Abortion is a right, the more we say so the better

Shannon Hardy, founder of Abortion Support Services Atlantic, says stigma remains one of the biggest challenges facing women seeking an abortion.

SHANNON HARDY ISN’T AFRAID OF THE “A-WORD.” She believes saying the word abortion out loud, and often, is necessary to making a woman’s right to choose as normal, natural and acceptable as any other right. That’s not the way it is right now, she says.

Abortion is legal in Canada. Yet, barriers remain, says Shannon, like a patchwork of provincial laws, doctors who still oppose providing abortion services and the powerful social stigma still attached to actually having an abortion.

A ‘full-spectrum’ doula

In 2012, Shannon was working as a birth doula in Halifax, Nova Scotia when she discovered women seeking abortions in Prince Edward Island had to trek to Nova Scotia or New Brunswick—and pay for their travel expenses out of pocket. If they couldn’t afford it, they couldn’t get an abortion.

“That kind of blew my mind,” she said. “I can’t imagine forcing someone to give birth.”

Shannon decided to do something about the fact that women could face limited access to abortion.  She turned herself into a “full-spectrum” doula, and founded Abortion Support Services Atlantic to help women in all stages of reproduction, including abortions.

Shannon says her work as a volunteer abortion doula involves providing transportation for appointments, helping people find lodging, raising funds for travel and offering emotional support.

To tell or not to tell

The abortion doulas don’t simply disappear after an abortion, but can help women talk through their decision and choose how they’ll tell—or not tell—their loved ones about the procedure.

“That’s why we’re here,” says Shannon. “Because when people don’t have that opportunity, then it sort of stays with you. And you feel like — maybe I did do something wrong, because nobody wanted to talk about it.”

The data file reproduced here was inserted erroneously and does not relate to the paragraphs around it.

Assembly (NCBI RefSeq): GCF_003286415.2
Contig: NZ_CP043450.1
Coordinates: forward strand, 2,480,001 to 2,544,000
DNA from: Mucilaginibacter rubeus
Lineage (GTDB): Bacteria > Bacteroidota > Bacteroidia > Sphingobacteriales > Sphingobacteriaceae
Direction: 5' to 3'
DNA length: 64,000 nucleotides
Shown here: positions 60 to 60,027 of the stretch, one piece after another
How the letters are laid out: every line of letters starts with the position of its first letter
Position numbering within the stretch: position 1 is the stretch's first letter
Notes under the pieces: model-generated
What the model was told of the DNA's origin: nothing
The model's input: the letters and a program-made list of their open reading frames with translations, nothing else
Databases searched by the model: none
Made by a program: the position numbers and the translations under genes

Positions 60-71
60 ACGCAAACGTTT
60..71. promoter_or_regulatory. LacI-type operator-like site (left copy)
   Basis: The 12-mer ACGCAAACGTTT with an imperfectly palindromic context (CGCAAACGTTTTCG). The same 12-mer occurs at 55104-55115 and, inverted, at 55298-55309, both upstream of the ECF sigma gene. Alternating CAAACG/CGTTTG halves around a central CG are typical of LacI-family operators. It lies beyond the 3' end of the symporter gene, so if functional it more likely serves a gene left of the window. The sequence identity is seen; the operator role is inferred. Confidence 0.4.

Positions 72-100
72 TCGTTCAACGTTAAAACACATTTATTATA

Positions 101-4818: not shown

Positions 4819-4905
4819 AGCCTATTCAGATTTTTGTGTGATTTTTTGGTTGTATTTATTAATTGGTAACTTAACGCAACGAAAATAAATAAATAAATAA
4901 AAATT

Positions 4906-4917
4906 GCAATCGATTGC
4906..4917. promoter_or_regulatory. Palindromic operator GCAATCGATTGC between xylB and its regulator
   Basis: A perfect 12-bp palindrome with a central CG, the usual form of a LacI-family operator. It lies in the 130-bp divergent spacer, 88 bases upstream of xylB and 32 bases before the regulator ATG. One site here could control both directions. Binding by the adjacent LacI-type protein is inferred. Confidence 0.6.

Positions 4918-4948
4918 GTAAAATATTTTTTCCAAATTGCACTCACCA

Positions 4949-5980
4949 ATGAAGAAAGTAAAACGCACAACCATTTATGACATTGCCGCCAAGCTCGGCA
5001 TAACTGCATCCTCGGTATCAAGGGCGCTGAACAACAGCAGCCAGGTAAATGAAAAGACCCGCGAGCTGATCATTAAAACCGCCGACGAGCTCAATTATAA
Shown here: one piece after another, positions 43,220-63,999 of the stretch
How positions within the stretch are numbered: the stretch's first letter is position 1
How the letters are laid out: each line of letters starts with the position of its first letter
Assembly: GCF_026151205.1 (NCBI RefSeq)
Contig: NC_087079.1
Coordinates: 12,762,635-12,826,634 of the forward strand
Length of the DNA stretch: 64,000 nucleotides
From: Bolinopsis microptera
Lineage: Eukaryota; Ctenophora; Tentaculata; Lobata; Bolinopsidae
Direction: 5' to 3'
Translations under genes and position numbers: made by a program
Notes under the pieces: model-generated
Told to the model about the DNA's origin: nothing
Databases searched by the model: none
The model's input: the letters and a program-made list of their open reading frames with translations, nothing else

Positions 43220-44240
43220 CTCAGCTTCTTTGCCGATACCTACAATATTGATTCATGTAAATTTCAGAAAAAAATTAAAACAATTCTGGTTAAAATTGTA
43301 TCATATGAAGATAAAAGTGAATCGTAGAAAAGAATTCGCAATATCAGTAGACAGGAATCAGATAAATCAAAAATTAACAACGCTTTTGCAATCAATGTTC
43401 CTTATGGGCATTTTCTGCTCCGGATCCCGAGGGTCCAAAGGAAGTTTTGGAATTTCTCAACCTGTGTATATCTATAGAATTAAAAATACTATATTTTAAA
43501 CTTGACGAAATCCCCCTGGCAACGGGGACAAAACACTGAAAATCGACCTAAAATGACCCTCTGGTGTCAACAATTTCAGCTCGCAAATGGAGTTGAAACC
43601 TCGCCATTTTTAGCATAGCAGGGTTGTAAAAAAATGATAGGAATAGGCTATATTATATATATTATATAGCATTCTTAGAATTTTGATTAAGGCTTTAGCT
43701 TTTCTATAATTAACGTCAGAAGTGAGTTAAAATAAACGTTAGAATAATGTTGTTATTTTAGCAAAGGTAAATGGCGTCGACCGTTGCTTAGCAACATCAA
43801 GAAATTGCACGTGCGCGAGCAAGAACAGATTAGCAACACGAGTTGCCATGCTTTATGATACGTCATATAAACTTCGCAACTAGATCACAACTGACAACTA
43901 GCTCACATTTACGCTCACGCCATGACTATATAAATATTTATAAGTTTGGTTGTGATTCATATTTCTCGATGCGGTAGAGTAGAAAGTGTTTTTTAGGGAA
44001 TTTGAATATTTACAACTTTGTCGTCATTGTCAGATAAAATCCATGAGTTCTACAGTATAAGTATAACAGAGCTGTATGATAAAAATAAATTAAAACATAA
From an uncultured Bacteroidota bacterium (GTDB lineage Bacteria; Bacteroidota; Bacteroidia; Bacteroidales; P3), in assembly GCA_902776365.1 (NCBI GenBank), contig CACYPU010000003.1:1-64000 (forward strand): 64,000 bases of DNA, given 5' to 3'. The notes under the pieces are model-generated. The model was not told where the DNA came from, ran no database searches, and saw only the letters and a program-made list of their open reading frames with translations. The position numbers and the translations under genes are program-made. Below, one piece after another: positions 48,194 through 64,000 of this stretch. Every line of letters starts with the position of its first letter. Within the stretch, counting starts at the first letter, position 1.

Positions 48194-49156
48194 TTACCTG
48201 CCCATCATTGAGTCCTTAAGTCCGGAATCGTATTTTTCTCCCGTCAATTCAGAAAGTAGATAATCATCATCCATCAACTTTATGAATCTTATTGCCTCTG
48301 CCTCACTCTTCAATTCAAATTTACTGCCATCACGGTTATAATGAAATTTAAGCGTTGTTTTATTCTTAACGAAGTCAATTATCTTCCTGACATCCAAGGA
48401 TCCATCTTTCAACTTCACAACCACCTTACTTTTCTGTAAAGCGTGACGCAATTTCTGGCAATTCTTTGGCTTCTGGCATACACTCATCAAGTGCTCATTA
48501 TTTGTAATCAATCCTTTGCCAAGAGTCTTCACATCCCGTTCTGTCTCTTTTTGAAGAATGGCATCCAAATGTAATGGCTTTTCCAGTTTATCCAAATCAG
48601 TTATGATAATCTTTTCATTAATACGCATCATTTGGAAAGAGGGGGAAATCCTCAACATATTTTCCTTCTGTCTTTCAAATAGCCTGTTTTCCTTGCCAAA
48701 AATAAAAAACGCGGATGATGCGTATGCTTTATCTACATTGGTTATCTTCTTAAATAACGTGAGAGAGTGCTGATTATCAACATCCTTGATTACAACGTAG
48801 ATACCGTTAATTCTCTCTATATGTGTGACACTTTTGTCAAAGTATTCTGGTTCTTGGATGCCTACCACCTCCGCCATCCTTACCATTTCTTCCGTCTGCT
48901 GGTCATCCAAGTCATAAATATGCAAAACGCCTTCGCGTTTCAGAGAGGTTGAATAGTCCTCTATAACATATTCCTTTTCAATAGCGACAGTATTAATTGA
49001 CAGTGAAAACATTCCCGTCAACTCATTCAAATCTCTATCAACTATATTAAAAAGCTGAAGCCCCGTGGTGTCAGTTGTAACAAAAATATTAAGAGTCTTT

Shannon says there is at least one volunteer abortion doula working in each province. The network of volunteers is growing, she says.

Shannon openly advertises her services on Facebook and never shies away from talking about her work. It’s all part of her campaign to combat the stigma that still goes with having an abortion.

A major aim of the “trauma-informed abortion doula training” Shannon provides is to eliminate the perception that the abortion procedure itself is traumatic. “I let people know that we don’t believe abortion is in and of itself traumatic,” she says.

“What we believe is that these systems—all the hoops and hurdles we have to go through—those are the things that make it traumatic.”

Removing the stigma

Removing the stigma is huge and liberating, says Shanon. She tells of the time they helped a woman access an abortion and were scheduled to give her a ride home after the procedure. On the day, the woman texted Shannon and said, “You don’t need to come. My sister is coming. Because you were so open and wonderful, I felt safe to talk to her.”

“That’s what we do,” says Shannon. “And again just putting the name in our title —we aren’t going to hide the fact that this is what we do.”

Shannon admits that, on the one hand, anti-abortion voices seem to be ever-present and as willing as ever to be public about it. But, on the other hand, the fact they are so brazen and public can help pro-choice advocates better identify and counter those who are against them.

“They’re coming out of the woodwork,” she says, recalling Ontario MPP Steve Oosterhoff’s May 2019 pledge to make abortion “unthinkable.” “It all helps us know who to vote out of office,” she says. Oosterhoff was met with vehement pro-choice protest.

‘Your abortion does not make you immoral’

Getting an abortion in Canada—and talking about it—is not easy. But we are a long way from the situation in the USA. Shannon tells the story of a Canadian doula she knows who went to a pro-choice meeting in the USA protected by armed guards. The doulas were warned not to wear identifying badges outside the meeting and not to talk about what they were doing inside.

“It was pretty scary,” says Shannon. “You go to an abortion conference and there’s somebody standing there with a machine gun.

But that is not Canada. Women like Shannon Hardy will see that it never is. They will come out into the light and tell their stories. The Nation magazine writer Moira Donegan says there is no better way to combat such “a pervasive and baseless stigma.”

“How else do you convey that your abortion does not make you immoral or stupid or frivolous, other than by asserting that it is part and parcel of your whole self, a self that displays its own virtues—your moral commitments, your responsibility, your intellect?”



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